Better than Jerry Lewis

Certain General Live at Don Hill’s, NYC – April 10, 2002

I was bone ignorant about Certain General when I went to see this show, assuming they’d be a fresh-faced gang of newcomers who would not know life’s darker corners or its propensity for horrid gaping disappointment. Wrong! Certain General turned out to be unbelievably smart and cool. Too bad for the majority of New Yorkers who missed the show. The crowd at Don Hill’s was on the small side, but we were riveted by the band’s thudding, minimalist rhythms and boxy atonal melodies carved out by endlessly inventive guitarist Phil Gammage and bassist Parker Dulany. The songs were set up with martial regularity and force by drummer Marcy Saddy. But Dulany’s vocals, and his presence as a frontman, were what really made the set work.

Parker Dulany of Certain GeneralSome bands are worth watching just for their frontpersons. Certain General are one of those bands. Parker Dulany (that name!) embodies subtle but powerful charisma with his pouchy, sad eyes and slender scarecrow elegance. He sang in a haunted, atonal (again) voice that recalled David Byrne at times, David Bowie at others, and I swear a kind of depressive rockabilly affect was in there too, though someone I met at the show disagreed vehemently with that idea. It’s true that the band never sounded like rockabilly, for one guitar lick or drumbeat. The songs have the fast, zig-zag feel of early 80s post-punk, and for good reason – it turns out Certain General began in 1980, in the East Village, and achieved wide success, especially in France. This was a sort of reunion show for them, in honor of a new 2-cd deluxe set that they’re releasing called An Introduction to War.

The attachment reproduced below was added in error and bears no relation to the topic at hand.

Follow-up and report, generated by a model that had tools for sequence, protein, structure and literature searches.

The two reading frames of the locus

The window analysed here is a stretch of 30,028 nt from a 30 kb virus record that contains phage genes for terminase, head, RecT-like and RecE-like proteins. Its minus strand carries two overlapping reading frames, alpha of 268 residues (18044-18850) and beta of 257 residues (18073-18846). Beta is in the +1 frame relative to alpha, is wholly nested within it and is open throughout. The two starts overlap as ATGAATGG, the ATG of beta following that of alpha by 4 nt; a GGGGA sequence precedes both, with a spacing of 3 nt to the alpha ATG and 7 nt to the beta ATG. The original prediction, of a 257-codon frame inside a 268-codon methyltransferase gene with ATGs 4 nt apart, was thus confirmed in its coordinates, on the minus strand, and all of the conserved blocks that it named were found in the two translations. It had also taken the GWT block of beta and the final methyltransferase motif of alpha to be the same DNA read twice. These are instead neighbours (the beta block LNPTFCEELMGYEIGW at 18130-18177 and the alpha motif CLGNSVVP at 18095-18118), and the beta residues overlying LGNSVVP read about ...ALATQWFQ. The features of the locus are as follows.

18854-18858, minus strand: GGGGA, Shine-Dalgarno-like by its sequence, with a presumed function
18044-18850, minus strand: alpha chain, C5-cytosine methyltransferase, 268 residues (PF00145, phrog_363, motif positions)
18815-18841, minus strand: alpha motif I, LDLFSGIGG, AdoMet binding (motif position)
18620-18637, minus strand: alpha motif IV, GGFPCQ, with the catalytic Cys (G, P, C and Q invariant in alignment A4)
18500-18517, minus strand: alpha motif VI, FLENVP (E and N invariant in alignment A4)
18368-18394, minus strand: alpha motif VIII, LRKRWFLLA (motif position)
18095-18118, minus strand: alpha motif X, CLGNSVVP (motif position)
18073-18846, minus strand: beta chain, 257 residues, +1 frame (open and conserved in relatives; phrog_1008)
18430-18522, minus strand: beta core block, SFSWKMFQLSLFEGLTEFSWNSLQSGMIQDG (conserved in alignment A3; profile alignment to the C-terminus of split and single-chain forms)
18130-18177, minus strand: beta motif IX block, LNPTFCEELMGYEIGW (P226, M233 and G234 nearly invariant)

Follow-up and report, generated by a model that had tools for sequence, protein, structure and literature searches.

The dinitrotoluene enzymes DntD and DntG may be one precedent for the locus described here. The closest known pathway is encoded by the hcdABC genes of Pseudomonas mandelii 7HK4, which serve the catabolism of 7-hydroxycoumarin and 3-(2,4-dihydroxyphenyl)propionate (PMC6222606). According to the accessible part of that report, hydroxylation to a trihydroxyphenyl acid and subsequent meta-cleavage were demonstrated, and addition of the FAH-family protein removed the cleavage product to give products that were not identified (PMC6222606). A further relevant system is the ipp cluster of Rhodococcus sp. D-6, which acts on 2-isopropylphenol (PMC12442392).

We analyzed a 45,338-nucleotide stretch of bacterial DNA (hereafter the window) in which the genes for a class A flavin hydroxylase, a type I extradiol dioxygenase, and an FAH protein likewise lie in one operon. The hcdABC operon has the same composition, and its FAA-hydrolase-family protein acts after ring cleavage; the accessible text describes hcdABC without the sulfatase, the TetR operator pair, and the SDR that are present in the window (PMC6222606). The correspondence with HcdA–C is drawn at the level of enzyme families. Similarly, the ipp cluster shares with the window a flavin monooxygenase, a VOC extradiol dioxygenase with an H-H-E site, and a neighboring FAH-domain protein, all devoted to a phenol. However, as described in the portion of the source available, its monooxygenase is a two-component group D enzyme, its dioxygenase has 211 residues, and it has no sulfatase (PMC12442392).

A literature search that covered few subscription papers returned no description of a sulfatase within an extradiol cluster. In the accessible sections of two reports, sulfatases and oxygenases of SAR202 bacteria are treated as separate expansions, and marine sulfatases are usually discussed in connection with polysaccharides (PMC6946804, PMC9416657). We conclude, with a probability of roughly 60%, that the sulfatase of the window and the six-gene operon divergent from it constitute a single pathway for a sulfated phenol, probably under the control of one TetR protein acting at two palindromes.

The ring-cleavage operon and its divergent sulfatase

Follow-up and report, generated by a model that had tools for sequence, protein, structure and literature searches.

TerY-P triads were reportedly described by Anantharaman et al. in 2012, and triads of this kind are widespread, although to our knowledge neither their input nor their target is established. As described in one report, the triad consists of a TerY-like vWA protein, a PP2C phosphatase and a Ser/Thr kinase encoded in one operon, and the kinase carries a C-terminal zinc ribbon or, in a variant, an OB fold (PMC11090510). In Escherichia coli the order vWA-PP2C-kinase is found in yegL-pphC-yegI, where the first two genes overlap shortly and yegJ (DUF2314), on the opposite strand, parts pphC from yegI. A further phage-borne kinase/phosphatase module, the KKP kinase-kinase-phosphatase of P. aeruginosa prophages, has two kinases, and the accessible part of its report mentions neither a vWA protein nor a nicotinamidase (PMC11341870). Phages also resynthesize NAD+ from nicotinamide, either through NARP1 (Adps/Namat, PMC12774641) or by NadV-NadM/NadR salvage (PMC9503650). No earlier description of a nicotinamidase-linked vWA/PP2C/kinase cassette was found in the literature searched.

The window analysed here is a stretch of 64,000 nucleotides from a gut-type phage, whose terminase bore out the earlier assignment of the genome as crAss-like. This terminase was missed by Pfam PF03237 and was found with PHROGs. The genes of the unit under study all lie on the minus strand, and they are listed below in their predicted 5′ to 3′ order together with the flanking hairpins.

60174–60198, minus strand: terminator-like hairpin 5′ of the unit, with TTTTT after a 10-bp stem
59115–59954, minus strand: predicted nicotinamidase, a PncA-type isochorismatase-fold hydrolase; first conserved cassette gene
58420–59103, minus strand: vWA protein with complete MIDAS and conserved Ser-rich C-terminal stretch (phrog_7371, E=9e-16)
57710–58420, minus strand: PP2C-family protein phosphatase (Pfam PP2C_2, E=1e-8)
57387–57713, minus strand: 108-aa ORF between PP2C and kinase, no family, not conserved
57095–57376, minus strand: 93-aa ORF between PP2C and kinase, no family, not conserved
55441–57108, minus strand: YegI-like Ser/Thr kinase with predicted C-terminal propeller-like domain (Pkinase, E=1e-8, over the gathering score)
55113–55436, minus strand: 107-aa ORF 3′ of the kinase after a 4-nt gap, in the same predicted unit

It was a flashback feel, the whole night. Certain General sang songs that criticized military action, but in a flat-affect, ironic style that reminded me of how much social criticism sprang out of the vicious ironies of the Sex Pistols. “I have a gun, I want to shoot my gun,” one Certain General song goes, over and over (I’m paraphrasing, I think those were the lyrics) and it’s reminiscent of Talking Heads songs like Don’t Worry About the Government (the one with the line “Some civil servants are just like my loved ones”). Compare that to the personal, smaller-canvas furies of a band like Nirvana. But back to the music: the songs had great beats and what sounded like interesting lyrics – as usual the vocal mix was a bit muddy for my taste. The band seemed pretty arty and non-delivering of easy rock pleasures like nice harmony or emotional surges of feeling for the first few songs, but as the show went on they began to play slightly longer songs that resulted in Dulany occasionally throwing his head back, eyes closed, losing himself in vocal intensities, and that was truly great. Within the American tradition of intelligent, storky, white-boy frontmen, his body language is the loosest and he seems to have the most soul. The French don’t always choose the most worthy American icons to elevate, but they seem to be on to something with Certain General.

20 thoughts on “Better than Jerry Lewis”

  1. Great to see that there are acts out there who started in the 80s and haven’t become shit. Can you list other bands/artists from the 80s (or before)who are still good?

  2. I can’t remember ever listening to these guys. But the few non Real Media clips I could find on the net sound cool as hell. I wish I could find more soundclips in Quicktime.Anyway, this has definately turned me on to another CD purchase!